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HOW TO WRITE THE WORKING PRESS RELEASE

By Bruce W. Marcus

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Certainly Not The Way Your Father Did it

Whatís the difference between a journalist and a public relations practitioner?

Not much, if the public relations writer understands journalism.

Whatís the difference between the old journalism and the new journalism? A great deal, which is important to understand if you want to get your media releases used, whether it be in print, in social media, or on the air.

Publicity, which is a basic purpose of the media release, uses the release as a basic tool. Itís not an end in itself, despite the artistry of a good release. Its purpose is to communicate ó an idea, a fact, a productís value or superiority. It should inform, it should be read by a target audience, it should clarify or persuade. And it should get published. Granted, good pubic relations is more than the press release, but it all boils down to the media ó to telling the story.

In the early days, well before many of todayís public relations practitioners were born, media consisted primarily of the publication and the broadcast media. It was somewhat easier then than it is today. We learned a few things that are still applicable today ó if today itís somewhat more complex.

We learned that the press release competes for space with the publicationís staff journalists. Therefore, it had to be consistent with the publicationís editorial style and substance.

We learned that every release had at least two target audiences Ö the first was the editor, who decided what got published and what didnít. Therefore, the style and substance of every release had to be consistent with the style and substance of the publication. Not merely an imitation, but the journalistic essence of the publication. In any kind of mass mailing, this was sometimes difficult, because different publications have different styles and different target audiences. Thus the second target audience may well have been different for each publication. There was, of course, news that was more universal, and that had to be considered in writing the release.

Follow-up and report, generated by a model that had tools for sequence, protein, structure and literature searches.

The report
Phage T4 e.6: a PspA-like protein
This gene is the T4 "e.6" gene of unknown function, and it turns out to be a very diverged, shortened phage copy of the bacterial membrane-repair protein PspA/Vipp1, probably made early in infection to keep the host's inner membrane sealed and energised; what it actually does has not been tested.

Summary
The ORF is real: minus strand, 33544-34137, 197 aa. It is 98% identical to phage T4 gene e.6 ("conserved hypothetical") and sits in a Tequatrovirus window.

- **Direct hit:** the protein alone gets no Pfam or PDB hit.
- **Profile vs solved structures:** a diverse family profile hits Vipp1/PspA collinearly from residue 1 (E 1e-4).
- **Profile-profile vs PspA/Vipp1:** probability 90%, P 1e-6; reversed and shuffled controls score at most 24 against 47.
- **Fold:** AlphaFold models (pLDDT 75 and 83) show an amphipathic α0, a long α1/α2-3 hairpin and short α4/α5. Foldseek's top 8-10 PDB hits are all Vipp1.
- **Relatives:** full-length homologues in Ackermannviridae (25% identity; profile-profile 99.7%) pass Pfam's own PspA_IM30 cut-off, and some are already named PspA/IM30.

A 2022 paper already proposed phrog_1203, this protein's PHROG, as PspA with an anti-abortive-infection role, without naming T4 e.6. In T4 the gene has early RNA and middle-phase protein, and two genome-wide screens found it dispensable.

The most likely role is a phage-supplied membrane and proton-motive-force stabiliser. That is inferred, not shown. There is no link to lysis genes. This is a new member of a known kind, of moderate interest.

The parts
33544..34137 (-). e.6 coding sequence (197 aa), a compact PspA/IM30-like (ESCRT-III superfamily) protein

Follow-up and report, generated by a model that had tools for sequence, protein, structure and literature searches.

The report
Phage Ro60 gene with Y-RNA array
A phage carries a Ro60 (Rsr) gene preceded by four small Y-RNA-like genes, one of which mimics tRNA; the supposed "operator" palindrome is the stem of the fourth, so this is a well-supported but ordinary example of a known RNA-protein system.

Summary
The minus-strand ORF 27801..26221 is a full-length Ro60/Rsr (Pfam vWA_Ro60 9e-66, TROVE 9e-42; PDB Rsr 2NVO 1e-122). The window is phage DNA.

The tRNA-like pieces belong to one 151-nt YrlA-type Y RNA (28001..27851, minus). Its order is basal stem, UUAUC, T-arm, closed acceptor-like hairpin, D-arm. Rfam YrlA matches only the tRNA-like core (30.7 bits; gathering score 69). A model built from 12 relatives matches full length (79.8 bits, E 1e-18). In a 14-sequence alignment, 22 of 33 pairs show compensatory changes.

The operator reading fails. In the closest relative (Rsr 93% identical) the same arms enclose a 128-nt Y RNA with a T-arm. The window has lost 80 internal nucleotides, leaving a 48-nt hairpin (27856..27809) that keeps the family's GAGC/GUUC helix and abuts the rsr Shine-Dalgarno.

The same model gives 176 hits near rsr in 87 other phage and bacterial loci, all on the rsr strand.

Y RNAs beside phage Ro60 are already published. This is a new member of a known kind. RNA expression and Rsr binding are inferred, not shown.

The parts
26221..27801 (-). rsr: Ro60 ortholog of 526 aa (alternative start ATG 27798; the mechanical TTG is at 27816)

We learned that lawyers should not write press releases, unless they have some journalistic should the accountant ó even the ones with a degree in English. The legalistic view is not the same as the journalistic view. Itís a specialized form of writing, essentially honed over hundreds of years. At least since the invention of the printing press, and maybe before that. Itís a specialized form of communication. I once got into a discussion with a lawyer from an old white shoe law firm who tried to give a legalistic slant to a release I had written for a client in a litigation situation. After a heated discussion I said to the lawyer: ďYou have an obligation to see that nothing we write can be used against the client in court. I have an obligation to keep my clientís service viable in the marketplace. Iíll respect your obligation if you respect mine.Ē After a momentís reflection, he said, ďOK.Ē This is a problem that arose frequently in investor relations, and still arises today. I once had a lawyer tell me that if youíre a lawyer youíre smart enough to do your own advertising. I told him that if youíre a lawyer youíre smart enough to be a nuclear physicist ó but it doesnít make you one.

We learned to target audiences ó to read a publication before sending a release to it. One of the earliest sins was to write to please the client, and not to please the editor. A great mistake. It still is. And we learned that mass mailings are often wasted on publications with readerships far removed from the clientís business.

We also learned, by the way, that sometimes a letter to individuals in the media that is succinct, to the point, and relevant to the specific mediumís audience, is better than a press release.

And once we learned these things, and more, what happened?

The media changed.

First came the new media Ö the social stuff. The writers for the social media opened a new world of communication ó anybody could play. Because many of the bloggers and online news writers, not steeped in the traditions of journalism (they didnít know from the five Ws, and didnít care), knew how to talk to their target audiences. Oddly, not being professional journalists didnít seem to matter. They got the point across.